Will Uplyso Get Past the FDA?

Trying to knock off an orphan drug for rare maladies isn't the easiest feat. But with cheaper manufacturing and a marketing machine in partner Pfizer (NYSE: PFE  ) , Protalix BioTherapeutics (AMEX: PLX  ) might have a shot.

That is if it can get Food and Drug Administration approval.

The agency is set to make a decision on Protalix's Uplyso on Friday. Of course, that's assuming the decision doesn't get delayed again.

There's little doubt that Uplyso works. It passed its phase 3 trial and the FDA has already signed off on the clinical trial design with a Special Protocol Assessment.

It's the manufacturing of Uplyso that makes it both interesting and a little risky.

The drug is produced in plant cells, which makes it cheaper to make than competing Gaucher disease treatments: Cerezyme from Genzyme (Nasdaq: GENZ  ) , soon to be sanofi-aventis (NYSE: SNY  ) , and Shire's (Nasdaq: SHPGY  ) Vpriv. Pricing the drug lower than competitors could help persuade patients to switch from their current medication.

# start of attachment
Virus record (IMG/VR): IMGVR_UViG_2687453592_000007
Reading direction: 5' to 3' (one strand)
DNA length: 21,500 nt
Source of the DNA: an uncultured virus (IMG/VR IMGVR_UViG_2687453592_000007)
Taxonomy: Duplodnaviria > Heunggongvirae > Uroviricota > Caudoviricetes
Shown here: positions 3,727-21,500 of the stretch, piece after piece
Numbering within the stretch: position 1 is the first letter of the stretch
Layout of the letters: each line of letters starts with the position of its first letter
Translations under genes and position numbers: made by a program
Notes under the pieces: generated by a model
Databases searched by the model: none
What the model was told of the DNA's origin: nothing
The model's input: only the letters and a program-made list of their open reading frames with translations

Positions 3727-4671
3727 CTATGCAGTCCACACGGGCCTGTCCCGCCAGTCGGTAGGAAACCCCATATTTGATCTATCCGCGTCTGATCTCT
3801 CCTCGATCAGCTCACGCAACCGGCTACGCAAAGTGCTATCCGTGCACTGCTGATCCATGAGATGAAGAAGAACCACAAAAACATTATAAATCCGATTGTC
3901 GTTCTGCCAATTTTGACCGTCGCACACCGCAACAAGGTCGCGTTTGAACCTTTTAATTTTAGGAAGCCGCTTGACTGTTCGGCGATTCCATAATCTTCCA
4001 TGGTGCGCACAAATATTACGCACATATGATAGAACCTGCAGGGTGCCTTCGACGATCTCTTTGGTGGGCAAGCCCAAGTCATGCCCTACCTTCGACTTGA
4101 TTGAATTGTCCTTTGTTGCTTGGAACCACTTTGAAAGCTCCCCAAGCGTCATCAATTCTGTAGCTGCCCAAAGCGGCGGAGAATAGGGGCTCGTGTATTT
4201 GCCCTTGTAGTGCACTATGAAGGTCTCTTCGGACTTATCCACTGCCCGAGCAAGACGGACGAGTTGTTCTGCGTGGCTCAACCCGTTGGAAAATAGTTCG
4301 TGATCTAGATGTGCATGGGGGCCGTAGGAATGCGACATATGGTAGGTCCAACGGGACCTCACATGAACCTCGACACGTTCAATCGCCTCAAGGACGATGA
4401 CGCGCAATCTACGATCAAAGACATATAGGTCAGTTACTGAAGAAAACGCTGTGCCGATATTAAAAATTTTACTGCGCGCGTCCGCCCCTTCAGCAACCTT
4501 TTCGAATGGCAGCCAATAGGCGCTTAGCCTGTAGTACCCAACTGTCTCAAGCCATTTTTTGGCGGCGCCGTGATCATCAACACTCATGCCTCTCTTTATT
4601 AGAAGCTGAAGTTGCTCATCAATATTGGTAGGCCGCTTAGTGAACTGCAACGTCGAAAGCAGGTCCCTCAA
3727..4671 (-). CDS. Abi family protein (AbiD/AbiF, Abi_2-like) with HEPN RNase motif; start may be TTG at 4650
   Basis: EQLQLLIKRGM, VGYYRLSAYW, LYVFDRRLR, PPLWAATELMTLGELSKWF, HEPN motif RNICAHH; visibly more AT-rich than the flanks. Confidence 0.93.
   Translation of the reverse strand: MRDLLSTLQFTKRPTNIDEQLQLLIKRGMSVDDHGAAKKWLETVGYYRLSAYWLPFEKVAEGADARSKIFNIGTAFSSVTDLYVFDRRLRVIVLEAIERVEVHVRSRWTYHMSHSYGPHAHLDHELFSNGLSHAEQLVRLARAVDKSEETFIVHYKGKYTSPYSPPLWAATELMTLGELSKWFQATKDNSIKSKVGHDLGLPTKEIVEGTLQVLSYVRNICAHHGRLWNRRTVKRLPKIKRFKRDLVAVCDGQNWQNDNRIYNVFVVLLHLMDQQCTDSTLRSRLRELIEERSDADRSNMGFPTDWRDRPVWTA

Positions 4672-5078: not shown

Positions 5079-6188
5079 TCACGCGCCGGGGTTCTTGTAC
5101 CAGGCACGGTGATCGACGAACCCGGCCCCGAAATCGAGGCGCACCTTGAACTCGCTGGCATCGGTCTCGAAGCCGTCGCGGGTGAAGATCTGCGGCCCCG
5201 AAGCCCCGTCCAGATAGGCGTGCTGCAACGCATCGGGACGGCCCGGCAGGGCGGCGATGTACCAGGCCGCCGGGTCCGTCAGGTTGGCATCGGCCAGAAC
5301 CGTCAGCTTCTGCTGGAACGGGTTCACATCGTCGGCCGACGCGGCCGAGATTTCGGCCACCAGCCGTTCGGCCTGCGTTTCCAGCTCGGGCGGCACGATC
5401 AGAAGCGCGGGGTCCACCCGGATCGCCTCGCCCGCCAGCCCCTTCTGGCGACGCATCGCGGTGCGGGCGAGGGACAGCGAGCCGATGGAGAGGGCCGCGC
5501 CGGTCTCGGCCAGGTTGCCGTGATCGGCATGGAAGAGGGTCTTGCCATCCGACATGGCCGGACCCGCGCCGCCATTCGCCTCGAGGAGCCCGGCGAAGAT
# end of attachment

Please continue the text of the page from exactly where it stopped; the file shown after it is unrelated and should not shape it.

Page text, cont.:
There's a downside to the novel manufacturing system: It causes a bit of uncertainty with gaining FDA approval. Unfortunately, these things are a bit of a black box for investors. Unlike clinical trials, investors aren't usually privy to exactly what issues the FDA might have with the manufacturing techniques.

We do know that the previous delay was tied to the "validation of the manufacturing process." Whether Protalix has satisfied the FDA with additional information is a bigger unknown.

With a market cap under $800 million, Protalix has room to run if the company can get Uplyso approved and use its manufacturing techniques to develop other protein-based drugs. Just realize that you're investing without being able to see the full landscape.

That's my take. Let us know what you think by taking our Motley Poll and then explain your reasoning in the comments box below.

Pfizer is a Motley Fool Inside Value choice. Try any of our Foolish newsletter services free for 30 days. We Fools may not all hold the same opinions, but we all believe that considering a diverse range of insights makes us better investors.

Fool contributor Brian Orelli, Ph.D., doesn't own shares of any company mentioned in this article. The Fool has a disclosure policy.


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